After I had all of my sections done I needed to have some way to hold them together and make them strong enough to stand up on their own. I was going to use dowels, but getting them into the fondant without totally messing up the shape I'd already spent time on was near impossible. I happened to have some florist wire on hand, so I ran a piece of that through each of the bamboo shoots, connecting all of the sections together as I went so that they were stacked up on the wire. I ran the wire all the way through all of the normal-length sections, but only a tiny bit into the short topper. You don't want the wire poking through the top of the stalk. If anyone knows of anything that's stronger than florist wire it would probably make life easier at this point! icon_smile.gif

For the leaves, I used the big leaf cutter that's in the Wilton gumpaste flower kit and cut out 3 leaves for each stalk and veined them like normal. Then I positioned them together and tried to make a little stump on the bottom so that I could have some way of connecting them to the stalk later once they were dry. (Am I making sense? It's late lol). For some of them I had to add a little bit of extra fondant on the bottom just to give them a nice nub, and then for each of them I inserted two toothpicks into the nub and left about half hanging out the end to give them a "spike" that could be used to stick them to the stalk..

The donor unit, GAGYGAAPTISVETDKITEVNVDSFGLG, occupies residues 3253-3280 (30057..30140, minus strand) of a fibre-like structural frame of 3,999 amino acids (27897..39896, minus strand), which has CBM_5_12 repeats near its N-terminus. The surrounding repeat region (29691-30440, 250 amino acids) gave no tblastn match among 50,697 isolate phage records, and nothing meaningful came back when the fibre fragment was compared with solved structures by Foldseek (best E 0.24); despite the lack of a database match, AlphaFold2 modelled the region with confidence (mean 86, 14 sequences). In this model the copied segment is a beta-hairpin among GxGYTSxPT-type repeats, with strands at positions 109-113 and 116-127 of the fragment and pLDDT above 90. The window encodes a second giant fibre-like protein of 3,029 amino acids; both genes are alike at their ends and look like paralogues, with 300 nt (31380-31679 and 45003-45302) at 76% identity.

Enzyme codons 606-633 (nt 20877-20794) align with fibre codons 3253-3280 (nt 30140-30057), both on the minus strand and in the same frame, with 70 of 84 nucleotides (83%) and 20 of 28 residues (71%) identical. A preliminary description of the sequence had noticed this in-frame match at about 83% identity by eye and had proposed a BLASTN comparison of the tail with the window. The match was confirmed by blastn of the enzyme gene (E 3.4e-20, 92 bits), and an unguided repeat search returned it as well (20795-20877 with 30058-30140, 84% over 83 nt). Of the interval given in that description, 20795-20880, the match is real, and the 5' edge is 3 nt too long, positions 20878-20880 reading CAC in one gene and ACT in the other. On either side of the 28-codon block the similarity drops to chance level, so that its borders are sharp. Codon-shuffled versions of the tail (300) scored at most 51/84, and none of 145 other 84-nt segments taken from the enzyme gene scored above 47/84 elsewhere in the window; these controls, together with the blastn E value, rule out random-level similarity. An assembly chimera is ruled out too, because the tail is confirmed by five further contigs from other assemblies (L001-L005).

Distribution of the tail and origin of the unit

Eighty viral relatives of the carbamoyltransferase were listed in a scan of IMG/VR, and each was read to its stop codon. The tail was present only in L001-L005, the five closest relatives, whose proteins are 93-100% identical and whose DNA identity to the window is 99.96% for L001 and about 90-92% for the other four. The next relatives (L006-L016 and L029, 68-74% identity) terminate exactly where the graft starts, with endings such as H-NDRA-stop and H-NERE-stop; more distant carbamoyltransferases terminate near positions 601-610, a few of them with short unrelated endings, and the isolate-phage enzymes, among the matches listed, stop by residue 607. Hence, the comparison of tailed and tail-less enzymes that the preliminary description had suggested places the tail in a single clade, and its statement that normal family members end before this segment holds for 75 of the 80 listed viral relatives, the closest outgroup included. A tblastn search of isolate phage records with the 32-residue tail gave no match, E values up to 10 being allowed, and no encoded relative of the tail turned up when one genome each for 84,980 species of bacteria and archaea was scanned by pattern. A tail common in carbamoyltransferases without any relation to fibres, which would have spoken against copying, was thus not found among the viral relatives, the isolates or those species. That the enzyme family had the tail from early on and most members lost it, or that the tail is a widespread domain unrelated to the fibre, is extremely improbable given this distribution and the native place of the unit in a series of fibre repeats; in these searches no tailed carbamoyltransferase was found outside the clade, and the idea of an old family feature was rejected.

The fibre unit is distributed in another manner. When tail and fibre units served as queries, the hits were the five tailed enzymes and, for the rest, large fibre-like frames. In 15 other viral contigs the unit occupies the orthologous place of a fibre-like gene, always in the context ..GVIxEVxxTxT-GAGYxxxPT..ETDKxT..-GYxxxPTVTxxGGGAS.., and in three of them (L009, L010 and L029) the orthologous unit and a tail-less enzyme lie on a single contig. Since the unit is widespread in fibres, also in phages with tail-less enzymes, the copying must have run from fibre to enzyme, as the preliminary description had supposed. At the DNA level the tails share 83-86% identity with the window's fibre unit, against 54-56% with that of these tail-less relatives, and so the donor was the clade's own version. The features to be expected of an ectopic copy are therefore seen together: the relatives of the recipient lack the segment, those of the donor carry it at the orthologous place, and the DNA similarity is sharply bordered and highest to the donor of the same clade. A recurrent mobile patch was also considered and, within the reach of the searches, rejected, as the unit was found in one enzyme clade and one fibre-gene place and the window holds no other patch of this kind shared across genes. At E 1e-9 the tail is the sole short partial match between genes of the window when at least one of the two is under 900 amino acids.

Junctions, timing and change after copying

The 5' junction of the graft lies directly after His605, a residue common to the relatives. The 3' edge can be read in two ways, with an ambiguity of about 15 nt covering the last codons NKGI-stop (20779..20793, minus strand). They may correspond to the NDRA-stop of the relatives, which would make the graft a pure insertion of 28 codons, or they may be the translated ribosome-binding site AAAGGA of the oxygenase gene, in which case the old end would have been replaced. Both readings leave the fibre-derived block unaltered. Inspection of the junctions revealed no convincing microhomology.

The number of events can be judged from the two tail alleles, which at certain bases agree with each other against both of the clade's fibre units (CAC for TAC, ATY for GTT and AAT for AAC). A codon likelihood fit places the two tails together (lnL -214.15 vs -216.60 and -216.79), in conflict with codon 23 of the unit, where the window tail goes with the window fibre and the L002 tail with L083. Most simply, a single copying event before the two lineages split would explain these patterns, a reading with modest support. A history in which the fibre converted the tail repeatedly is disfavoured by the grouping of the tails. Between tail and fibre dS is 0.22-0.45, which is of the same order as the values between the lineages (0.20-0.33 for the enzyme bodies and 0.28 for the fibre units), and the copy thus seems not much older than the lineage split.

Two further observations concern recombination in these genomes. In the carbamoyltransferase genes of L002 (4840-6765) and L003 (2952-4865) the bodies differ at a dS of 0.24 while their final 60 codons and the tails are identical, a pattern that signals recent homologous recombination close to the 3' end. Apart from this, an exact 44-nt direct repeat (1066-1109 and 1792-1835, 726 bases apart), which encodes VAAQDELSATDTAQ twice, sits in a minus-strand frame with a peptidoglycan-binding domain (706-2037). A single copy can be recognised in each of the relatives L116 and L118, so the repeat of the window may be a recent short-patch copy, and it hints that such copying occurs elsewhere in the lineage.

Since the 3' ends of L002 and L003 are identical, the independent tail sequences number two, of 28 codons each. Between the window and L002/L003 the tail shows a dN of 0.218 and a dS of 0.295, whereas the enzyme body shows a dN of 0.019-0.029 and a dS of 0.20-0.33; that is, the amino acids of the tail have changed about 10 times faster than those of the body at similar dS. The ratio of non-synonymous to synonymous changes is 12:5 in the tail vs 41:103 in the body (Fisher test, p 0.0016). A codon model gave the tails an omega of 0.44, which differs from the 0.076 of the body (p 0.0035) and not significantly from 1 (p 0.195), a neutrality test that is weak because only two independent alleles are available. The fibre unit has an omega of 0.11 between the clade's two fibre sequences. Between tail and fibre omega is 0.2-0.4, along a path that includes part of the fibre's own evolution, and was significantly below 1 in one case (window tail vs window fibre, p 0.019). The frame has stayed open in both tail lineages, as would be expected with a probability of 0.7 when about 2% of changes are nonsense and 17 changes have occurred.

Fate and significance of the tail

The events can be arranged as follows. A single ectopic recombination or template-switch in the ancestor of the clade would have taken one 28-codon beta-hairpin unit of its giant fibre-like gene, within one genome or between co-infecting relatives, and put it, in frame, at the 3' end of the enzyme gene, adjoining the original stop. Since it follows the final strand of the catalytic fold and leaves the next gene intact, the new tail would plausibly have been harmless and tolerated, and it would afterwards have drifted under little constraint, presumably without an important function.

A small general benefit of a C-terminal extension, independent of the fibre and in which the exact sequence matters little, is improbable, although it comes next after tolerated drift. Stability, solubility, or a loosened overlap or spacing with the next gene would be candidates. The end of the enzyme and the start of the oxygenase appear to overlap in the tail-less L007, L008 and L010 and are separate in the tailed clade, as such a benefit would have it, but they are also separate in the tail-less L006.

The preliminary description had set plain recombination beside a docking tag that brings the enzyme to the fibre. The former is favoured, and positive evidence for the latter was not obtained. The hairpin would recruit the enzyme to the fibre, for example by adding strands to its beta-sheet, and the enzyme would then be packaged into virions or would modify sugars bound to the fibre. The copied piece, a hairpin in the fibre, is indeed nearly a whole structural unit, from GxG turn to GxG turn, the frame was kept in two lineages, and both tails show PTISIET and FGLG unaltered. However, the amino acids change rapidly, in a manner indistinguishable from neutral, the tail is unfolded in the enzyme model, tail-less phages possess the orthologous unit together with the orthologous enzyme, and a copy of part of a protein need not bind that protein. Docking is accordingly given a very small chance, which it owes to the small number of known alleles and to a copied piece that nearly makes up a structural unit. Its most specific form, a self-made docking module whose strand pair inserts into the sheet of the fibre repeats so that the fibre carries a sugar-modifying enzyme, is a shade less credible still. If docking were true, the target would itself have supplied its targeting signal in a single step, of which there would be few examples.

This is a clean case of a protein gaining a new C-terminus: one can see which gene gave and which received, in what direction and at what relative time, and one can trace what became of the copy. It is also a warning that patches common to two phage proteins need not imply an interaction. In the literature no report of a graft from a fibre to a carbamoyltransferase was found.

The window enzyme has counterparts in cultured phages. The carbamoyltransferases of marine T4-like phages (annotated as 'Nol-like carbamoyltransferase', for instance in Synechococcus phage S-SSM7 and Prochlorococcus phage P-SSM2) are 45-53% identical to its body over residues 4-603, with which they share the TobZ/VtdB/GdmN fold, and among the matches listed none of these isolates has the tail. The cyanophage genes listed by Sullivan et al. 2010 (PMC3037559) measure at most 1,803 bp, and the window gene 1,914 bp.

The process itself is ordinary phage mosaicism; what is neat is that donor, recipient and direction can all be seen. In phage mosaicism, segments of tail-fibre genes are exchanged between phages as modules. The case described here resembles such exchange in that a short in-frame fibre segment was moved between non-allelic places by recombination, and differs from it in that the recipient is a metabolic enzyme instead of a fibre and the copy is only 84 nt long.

Now, back to the bamboo shoots. As I sat there staring at them I realized that I was going to have to have some way to make the leaves stick out of the top of the shoot, curve out sideways, and end up sticking straight up. So what I did was run a second strand of florist wire up through the stalk, except instead of inserting it into the topper, I made it stick out right at the connection between the last stalk section and the topper, and then bent it out and up. To cover these I just wrapped little sections of fondant around the shaped wire, leaving a little bit of wire sticking out the top to help connect the leaves later on.